California County Enters New Reopening Phase Despite Reporting More Than 14,000 New Cases in Last 14 Days

California granted Los Angeles County permission to move into the next phase of reopening amid the COVID-19 pandemic on Friday, despite the county seeing a steady increase of new cases.

Los Angeles County has reported over 14,000 new cases of the virus in the last two weeks, according to data from Johns Hopkins University. The number of new cases is far higher than the state's mandate of no more than 25 per 100,000 residents. However, the county was able join the majority of California in phase two of the state's reopening plan due to meeting other thresholds, including a testing positivity rate of no more than 8 percent.

Los Angeles County has the fourth most confirmed COVID-19 cases of any county in the U.S., after Cook County, Illinois and New York City's Queens and Brooklyn. The county reported 1,824 additional cases on Friday, for a total of 51,562, nearly half of the state total. Over half of the more than 4,000 deaths attributed to the virus in California occurred in the county, with 50 new deaths reported on Friday.

Phase two of the reopening plan permits in-person dining at restaurants and allows businesses like hair salons and barbershops to resume operations. The businesses will be subject to safety protocols and guidelines, including physical distancing and a requirement that restaurant patrons wear face coverings while they are not eating. Restaurant capacity will also be limited to 60 percent.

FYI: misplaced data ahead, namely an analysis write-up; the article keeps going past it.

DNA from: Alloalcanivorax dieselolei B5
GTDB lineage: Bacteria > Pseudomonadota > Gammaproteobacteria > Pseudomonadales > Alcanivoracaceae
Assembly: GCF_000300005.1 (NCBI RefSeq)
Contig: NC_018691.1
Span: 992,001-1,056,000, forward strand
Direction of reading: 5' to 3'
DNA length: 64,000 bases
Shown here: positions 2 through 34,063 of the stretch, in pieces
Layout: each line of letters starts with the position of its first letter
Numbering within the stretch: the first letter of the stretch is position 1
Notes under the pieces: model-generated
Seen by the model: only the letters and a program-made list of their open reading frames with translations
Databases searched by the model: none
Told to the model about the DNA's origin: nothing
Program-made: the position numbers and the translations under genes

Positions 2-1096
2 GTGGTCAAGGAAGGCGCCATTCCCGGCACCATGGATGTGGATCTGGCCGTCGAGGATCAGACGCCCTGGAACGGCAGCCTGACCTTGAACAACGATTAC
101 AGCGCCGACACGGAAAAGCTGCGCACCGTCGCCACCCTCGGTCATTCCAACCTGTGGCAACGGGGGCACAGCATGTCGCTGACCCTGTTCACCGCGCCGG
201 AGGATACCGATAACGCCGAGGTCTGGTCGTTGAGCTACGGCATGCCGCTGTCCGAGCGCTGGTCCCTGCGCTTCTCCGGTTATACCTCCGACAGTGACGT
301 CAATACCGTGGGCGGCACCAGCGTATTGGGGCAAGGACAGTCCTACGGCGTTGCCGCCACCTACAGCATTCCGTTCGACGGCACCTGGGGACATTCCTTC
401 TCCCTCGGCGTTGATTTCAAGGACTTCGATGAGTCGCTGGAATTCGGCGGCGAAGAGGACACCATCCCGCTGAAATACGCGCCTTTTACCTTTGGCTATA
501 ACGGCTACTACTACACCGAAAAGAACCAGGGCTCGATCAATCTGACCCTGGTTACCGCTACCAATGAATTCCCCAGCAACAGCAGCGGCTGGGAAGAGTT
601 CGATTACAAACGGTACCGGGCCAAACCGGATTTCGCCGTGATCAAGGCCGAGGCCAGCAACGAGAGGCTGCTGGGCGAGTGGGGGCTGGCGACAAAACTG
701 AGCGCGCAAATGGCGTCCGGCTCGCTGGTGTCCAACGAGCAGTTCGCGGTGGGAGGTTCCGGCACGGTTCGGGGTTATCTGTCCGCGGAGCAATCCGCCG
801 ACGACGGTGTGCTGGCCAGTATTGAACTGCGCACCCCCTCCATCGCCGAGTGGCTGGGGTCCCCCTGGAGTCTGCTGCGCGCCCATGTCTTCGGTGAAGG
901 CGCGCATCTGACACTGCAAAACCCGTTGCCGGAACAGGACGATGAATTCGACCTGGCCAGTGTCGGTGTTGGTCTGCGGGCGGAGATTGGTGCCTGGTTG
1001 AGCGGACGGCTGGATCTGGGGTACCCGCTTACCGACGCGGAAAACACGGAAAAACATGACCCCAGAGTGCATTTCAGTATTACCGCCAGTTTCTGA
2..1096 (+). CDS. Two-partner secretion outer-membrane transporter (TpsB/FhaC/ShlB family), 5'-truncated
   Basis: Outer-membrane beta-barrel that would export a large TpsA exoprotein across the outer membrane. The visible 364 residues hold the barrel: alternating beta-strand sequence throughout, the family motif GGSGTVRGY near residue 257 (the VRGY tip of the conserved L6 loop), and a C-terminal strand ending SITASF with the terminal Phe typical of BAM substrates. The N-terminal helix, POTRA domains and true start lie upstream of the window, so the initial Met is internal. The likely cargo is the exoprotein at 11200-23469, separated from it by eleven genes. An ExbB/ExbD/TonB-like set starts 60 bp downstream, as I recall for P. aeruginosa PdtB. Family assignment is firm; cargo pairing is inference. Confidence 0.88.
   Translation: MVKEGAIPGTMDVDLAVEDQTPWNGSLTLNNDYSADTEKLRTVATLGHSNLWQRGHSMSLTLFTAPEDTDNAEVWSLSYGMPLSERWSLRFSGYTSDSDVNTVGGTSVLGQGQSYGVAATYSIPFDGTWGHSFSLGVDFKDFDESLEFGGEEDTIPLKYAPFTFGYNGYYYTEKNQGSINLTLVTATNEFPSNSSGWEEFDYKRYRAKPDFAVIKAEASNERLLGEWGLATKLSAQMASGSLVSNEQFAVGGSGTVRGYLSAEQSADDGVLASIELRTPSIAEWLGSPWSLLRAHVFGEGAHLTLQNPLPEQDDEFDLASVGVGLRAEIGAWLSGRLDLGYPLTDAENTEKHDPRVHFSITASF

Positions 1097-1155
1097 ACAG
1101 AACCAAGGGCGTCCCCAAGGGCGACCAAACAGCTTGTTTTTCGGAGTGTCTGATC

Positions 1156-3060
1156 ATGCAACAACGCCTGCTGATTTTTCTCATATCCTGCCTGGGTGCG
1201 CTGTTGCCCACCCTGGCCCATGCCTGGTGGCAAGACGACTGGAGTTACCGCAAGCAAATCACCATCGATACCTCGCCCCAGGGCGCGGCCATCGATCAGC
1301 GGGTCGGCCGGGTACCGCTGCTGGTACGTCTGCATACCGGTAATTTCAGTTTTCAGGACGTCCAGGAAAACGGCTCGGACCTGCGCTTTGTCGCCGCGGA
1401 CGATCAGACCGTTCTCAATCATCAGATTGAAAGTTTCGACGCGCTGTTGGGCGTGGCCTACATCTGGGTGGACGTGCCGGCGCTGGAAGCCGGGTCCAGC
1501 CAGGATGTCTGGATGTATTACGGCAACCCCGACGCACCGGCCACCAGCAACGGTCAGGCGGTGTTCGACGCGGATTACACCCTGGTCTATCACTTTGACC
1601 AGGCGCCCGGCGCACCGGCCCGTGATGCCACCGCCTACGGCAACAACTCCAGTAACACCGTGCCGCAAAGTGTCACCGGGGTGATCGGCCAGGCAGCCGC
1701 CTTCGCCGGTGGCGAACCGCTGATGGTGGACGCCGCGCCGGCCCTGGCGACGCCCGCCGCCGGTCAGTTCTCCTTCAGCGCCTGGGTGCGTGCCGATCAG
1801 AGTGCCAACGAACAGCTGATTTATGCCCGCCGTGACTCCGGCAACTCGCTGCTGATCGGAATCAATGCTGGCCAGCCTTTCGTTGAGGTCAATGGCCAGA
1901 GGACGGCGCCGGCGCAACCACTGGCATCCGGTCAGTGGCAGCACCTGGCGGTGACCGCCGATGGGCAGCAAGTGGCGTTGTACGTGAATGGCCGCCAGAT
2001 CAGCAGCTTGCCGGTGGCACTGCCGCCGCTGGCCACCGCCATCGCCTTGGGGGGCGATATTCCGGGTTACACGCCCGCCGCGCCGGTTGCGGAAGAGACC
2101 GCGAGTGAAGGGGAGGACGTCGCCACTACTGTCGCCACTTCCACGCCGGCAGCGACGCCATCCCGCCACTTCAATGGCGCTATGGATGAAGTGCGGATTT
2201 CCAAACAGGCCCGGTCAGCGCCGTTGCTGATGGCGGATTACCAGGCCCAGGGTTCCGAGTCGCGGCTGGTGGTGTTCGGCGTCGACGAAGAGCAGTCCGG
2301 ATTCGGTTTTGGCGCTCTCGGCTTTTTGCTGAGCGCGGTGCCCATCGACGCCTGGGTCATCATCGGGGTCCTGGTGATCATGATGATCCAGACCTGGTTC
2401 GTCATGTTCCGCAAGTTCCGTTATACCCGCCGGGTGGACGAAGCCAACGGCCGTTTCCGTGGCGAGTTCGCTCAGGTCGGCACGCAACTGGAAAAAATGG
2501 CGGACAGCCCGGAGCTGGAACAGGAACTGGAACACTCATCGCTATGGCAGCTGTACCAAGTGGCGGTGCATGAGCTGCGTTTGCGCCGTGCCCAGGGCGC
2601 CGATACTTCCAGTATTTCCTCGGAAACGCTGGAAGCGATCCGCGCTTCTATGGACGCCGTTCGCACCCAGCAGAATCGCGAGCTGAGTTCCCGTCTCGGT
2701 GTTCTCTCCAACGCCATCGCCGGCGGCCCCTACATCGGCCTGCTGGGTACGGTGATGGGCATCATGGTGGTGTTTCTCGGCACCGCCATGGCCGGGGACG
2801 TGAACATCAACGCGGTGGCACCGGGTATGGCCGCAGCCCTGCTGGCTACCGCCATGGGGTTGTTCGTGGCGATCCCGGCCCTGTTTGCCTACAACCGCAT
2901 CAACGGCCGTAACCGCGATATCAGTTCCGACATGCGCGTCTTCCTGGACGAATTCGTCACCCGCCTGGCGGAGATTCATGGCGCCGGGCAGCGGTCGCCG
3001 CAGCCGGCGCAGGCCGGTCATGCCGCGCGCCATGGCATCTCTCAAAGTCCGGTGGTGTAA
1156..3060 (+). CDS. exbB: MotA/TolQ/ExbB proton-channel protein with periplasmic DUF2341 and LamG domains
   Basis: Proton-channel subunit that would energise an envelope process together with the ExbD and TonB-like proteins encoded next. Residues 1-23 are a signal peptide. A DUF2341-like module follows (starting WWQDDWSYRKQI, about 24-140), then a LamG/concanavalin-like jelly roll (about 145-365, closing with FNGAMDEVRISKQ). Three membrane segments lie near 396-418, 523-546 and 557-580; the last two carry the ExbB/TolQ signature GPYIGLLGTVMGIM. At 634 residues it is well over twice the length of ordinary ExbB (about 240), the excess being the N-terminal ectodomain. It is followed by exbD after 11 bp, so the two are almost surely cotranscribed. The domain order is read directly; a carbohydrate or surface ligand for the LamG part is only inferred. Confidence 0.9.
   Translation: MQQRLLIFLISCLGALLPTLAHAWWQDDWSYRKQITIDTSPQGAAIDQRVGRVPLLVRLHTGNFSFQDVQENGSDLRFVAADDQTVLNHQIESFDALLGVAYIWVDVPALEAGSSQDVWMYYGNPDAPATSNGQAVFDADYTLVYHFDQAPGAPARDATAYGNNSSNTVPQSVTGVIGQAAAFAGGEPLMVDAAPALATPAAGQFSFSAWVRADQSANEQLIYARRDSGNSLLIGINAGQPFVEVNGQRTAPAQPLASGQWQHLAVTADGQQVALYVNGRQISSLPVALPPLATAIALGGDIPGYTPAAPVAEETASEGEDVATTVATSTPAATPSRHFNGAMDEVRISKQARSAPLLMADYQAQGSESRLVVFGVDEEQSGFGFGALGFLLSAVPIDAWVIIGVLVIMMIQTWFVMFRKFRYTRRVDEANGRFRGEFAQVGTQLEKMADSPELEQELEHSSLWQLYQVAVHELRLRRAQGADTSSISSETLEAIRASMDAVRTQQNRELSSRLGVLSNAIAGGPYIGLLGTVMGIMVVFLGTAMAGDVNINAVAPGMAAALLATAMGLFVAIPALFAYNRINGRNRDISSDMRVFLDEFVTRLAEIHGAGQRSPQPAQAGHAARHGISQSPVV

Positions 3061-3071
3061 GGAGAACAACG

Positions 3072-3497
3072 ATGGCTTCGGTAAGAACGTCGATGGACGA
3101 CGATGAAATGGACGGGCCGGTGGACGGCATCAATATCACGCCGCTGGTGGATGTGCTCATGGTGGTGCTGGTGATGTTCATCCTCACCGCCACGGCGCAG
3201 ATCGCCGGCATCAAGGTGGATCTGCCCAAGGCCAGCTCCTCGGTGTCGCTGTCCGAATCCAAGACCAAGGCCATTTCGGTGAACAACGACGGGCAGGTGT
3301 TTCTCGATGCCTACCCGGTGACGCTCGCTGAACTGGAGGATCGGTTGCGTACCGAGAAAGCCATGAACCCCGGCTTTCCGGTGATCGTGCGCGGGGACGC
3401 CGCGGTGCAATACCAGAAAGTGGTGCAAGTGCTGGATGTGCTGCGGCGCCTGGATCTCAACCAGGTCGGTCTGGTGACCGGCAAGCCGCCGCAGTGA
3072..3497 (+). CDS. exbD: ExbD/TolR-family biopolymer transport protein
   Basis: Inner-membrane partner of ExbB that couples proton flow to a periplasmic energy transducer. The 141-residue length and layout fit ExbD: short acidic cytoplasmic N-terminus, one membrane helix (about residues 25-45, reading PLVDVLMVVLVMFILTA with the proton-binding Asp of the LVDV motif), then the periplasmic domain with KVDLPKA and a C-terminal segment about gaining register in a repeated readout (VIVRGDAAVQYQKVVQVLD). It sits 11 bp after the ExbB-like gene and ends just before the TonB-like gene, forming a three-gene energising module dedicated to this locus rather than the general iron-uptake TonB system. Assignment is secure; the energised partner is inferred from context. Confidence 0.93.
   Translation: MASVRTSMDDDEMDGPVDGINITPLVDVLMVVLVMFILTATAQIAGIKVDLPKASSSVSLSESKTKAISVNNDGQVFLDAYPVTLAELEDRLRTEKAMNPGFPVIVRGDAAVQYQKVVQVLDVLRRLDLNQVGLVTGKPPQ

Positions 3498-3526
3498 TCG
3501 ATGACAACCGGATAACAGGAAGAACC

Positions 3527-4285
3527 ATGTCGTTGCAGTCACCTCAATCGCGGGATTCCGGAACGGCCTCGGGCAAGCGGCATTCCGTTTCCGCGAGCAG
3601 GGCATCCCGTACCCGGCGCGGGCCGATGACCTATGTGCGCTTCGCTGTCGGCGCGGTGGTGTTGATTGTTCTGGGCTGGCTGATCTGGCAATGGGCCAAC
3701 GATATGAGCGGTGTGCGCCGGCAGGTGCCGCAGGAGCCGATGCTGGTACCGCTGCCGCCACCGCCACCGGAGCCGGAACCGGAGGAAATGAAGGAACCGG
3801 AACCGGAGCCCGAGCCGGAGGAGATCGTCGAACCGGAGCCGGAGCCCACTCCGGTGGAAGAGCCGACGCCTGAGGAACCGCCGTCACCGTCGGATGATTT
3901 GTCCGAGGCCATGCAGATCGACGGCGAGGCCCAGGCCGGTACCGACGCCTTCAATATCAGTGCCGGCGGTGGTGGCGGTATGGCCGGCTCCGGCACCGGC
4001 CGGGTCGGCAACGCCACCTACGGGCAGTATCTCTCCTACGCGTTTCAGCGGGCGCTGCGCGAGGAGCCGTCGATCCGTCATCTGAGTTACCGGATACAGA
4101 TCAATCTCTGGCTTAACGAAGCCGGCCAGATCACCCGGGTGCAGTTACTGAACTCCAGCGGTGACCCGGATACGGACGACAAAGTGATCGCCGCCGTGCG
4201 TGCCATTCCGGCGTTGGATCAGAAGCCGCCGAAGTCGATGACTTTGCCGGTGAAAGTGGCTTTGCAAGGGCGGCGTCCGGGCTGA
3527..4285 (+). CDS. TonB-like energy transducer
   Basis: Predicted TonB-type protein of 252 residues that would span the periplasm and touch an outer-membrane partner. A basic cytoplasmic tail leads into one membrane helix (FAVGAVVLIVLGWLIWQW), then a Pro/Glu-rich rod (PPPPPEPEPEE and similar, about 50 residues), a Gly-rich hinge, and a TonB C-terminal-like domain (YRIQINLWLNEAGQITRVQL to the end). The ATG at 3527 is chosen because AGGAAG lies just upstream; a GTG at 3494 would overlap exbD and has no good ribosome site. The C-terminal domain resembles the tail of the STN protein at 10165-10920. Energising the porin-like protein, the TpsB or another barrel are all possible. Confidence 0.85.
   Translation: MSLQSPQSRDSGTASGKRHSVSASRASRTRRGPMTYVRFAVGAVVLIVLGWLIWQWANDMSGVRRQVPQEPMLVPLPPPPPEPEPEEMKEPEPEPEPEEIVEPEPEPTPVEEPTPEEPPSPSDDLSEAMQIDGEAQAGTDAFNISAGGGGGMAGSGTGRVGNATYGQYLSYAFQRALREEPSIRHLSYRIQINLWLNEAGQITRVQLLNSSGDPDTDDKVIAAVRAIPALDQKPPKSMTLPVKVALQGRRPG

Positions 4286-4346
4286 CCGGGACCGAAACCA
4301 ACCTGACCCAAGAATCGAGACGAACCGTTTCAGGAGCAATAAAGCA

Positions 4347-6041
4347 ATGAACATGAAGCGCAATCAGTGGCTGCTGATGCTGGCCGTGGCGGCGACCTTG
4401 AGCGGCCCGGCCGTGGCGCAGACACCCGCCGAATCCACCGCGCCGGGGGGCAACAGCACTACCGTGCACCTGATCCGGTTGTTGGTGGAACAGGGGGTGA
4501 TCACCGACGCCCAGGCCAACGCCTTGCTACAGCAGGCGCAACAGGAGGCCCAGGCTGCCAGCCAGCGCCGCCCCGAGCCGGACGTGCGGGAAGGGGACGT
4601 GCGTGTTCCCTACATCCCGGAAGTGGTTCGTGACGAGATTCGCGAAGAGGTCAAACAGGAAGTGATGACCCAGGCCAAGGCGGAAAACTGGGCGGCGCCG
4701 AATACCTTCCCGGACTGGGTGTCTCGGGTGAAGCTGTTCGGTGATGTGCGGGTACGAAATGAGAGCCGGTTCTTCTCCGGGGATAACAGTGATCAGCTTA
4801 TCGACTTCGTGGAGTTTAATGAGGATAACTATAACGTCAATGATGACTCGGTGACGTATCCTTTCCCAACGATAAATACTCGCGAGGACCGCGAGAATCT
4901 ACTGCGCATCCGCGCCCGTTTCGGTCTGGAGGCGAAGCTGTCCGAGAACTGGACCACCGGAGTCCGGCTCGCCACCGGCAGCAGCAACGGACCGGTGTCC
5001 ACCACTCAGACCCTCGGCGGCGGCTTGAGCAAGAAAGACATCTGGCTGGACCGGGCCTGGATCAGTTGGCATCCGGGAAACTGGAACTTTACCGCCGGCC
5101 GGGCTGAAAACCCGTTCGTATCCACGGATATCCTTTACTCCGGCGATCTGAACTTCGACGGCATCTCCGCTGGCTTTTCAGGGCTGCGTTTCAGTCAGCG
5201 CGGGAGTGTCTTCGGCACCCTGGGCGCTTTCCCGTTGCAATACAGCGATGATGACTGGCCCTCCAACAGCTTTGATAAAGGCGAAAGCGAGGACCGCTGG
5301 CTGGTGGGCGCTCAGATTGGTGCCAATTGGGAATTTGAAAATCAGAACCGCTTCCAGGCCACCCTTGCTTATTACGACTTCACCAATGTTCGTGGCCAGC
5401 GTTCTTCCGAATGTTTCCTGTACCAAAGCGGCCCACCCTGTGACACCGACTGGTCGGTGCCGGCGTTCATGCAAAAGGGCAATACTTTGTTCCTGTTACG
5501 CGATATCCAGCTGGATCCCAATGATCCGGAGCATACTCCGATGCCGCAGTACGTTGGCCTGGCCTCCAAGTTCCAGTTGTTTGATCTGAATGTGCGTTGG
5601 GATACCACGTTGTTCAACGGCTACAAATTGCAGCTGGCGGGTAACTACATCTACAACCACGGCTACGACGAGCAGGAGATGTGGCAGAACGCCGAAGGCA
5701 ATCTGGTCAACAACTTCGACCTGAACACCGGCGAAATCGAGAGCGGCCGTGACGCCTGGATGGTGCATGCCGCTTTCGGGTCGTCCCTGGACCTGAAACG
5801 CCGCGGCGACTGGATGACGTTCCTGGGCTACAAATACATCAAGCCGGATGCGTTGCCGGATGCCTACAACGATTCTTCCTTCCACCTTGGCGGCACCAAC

"Compliance with the protocols is required," said Dr. Barbara Ferrer, director of the Los Angeles County Department of Health, at a Friday news briefing. "Reopening as safely as possible and in ways that protect both employees and customers will require a lot of effort."

The county reopened churches, shopping malls and retail businesses earlier in the week. However, the public's desire to resume shopping was reportedly low and many businesses remained closed despite being allowed to open.

County officials stressed that residents need to maintain social distancing guidelines and continue to wear face coverings in public to avoid businesses being shut down again due to a new spike in cases.

"This is a fine line that we're walking in the County of Los Angeles," Los Angeles County Supervisor Janice Hahn said. "We are threading the needle between keeping the public safe and allowing our economy to reopen."

Barber and client with masks
Barbershops and hair salons were allowed to immediately reopen amid the COVID-19 pandemic in California's Los Angeles County on May 29, 2020. Getty

Although the relaxation of restrictions could lead to additional cases of COVID-19, public health officials said a delay in cases being reported meant it was too early to know how much of an impact could be felt.

"It is still too early to see if there has been any increase in the transmission rate as a result of relaxing the safer at home health officer orders," said Los Angeles County Department of Health Services Director Dr. Christina Ghaly. "This is because of the amount of time that it takes for people to develop symptoms and need to seek medical care."

"If we do see an increase in cases in a couple of weeks from now it will likely mean that there's already been two to four weeks of increasing transmission by that time," she added. "We could be in the midst of a new upward curve or transmission may not have increased at all. We just don't know yet."

Barbershops, hair salons and restaurants can resume operations immediately, provided the businesses meet the state's protocols. Several other businesses like nail salons, gyms, spas and entertainment venues remain closed.

Newsweek reached out to Los Angeles County officials for additional comment.